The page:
So I walked towards the old part of Lyon. The City Hall is beautiful. At least, I think this is a picture of the City Hall. For some reason they have a big Bull statue in front. You would think they would have a Lion. I walked toward the big Eiffel Tower wannabe but had to turn back before I reached it so I would make my meeting in time. It is like an illusion- you think it is getting closer as you walk towards it for 45 minutes, but it still remains really far away. The Marseillais tease the Lyonnais for being copycats- they copied the Notre Dame de la Garde church of Marseille and the Eiffel Tower of Paris.
In reality, the tower is the Tour Métallique and was built in 1893, and now is a television transmitter. And the church is the Basilique Notre-Dame de Fourvière "the hill that prays", described as a "gaudy mock-Byzantine creation- a riot of turrets and crenelations, marble and mosiac- was built in the late 19th century and has become one of the symbols of Lyon." Anyway, I didn't get to judge the gaudiness for myself, as I had to get back to my meeting. My feet were killing me by this time anyway. So I limped back to the train station, our appointed meeting spot.
On the way back, I noticed Lyon's handing of traffic. They seem to have a much better grip on it than Marseille. Or maybe it is just that Lyon is past the growing pains that Marseille is in the throws of right now in constructing the tramway. Lyon also has a Rent A Bike program. They have red bikes stationed at various places in Lyon. You have to insert a card (probably a bank card I am guessing, or ID card at least) into a computer system, and it unlocks one of the bikes for you. This seems to be working well, unlike poor Charlottesville who had a similar yellow bike program and all the bikes diappeared within about a week. I think the difference is that in Charlottesville they relied on the honor system whereas in Lyon there is some amount of accountability and traceabilty.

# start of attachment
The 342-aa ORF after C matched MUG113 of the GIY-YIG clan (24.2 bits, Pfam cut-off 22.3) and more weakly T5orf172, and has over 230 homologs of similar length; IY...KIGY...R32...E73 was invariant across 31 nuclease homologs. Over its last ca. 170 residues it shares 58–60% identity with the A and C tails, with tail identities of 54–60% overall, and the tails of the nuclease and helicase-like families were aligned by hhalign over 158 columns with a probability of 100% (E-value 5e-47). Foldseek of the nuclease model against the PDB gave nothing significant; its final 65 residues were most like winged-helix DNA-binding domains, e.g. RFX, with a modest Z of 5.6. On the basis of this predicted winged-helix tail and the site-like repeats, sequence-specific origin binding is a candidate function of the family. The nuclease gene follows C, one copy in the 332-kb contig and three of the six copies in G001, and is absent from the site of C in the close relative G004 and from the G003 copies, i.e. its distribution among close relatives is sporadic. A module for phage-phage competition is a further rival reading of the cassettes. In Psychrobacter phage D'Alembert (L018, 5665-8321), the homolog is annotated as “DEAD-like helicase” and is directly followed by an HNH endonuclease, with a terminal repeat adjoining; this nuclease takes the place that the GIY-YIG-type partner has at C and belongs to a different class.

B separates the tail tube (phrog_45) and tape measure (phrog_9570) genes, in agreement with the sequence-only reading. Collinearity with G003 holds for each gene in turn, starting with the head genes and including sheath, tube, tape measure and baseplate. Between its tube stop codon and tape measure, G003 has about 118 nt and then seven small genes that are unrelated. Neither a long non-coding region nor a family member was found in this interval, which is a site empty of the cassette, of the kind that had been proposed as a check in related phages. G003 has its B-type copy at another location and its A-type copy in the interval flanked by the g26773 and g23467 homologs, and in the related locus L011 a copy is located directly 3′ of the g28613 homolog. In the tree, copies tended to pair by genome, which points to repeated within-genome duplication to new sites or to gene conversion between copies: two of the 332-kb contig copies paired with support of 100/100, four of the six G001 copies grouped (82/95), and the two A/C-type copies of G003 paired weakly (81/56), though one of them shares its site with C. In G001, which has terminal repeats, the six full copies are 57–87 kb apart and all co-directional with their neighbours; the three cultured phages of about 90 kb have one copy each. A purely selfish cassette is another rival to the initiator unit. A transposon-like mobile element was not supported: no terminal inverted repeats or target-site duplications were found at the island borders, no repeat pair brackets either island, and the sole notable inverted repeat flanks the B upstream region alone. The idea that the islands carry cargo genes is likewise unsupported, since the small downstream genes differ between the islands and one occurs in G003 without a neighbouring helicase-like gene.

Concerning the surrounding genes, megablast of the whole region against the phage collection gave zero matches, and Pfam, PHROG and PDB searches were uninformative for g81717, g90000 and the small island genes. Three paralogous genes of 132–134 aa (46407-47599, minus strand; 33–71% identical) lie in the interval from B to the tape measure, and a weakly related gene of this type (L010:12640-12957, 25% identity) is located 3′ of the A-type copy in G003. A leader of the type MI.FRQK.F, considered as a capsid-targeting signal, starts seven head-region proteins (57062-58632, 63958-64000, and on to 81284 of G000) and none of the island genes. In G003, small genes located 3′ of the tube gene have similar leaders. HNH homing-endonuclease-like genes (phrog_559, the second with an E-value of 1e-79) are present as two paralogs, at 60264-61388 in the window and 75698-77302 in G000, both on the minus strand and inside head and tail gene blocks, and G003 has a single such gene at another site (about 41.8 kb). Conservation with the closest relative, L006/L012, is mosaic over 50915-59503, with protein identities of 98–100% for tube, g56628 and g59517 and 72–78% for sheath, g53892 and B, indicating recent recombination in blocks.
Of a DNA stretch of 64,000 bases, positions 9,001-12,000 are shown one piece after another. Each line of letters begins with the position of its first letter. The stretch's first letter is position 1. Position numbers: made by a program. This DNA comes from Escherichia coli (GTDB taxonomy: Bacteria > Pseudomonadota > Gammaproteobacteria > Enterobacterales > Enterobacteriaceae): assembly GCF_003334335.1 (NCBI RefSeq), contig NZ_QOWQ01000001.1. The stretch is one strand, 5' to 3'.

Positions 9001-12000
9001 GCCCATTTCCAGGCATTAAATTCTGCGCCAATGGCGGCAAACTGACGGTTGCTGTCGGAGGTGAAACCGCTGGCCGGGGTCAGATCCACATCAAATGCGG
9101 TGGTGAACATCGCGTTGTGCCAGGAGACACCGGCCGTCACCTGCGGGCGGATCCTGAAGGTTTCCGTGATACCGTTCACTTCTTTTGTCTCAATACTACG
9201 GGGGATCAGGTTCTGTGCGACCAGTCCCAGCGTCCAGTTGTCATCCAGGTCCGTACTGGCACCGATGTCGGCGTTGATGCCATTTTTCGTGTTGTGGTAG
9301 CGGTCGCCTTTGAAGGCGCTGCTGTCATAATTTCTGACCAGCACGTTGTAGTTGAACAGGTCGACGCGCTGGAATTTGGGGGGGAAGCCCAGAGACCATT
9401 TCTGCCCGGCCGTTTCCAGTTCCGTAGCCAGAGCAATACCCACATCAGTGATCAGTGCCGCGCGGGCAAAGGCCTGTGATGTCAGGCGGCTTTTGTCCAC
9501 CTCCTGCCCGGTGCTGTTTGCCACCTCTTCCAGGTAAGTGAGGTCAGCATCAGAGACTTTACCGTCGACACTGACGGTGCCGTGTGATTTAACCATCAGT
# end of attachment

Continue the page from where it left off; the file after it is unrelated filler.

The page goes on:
I met my colleague for lunch. Although Lyon is considered the Gastronomic Capital of France, we had a 13 euro lunch right by the train station consisting of a salade verte (green salad. Which usually in France means just lettuce.) a personal pizza, and a dessert- chocolate moose for me. He left around 2. I was planning on walking around some more, but didn't feel like braving the bus system or walking all way back to the Vieux Lyon, so I wandered around the shopping mall across the street. Pretty typical mall, one could almost believe that they are in a US Mall. They even have The Body Shop here. Oh, and no food courts. There tend to be little cafes and stands in the malls, not a big eating area.

My return TGV ticket was for 5:30, but I wanted to see if I could catch an earlier train back. I was able to exchange it and catch the 3:15 train. There were two women watching a DVD (I think Pirates of the Caribean) on a portable DVD player. Without the headphones on. After a couple of minutes of LOOKS from me and some other passengers, I finally asked if they would please not mind putting the headphones on. Well, apparently this was a huge imposition and how Dare I Ask That. They did finally do it with much huffing and puffing. I meant to stay awake and look at the beautiful scenery but conked out, made it back to Marseille a little before 5. So that was my interesting trip to Lyon. (picture below- lion crossing the crosswalk)

1 commentaires:

Starman a dit…

The picture you think is "city hall" is actually Le Bourse (a stock market place).

Blog Archive


Favorite Posts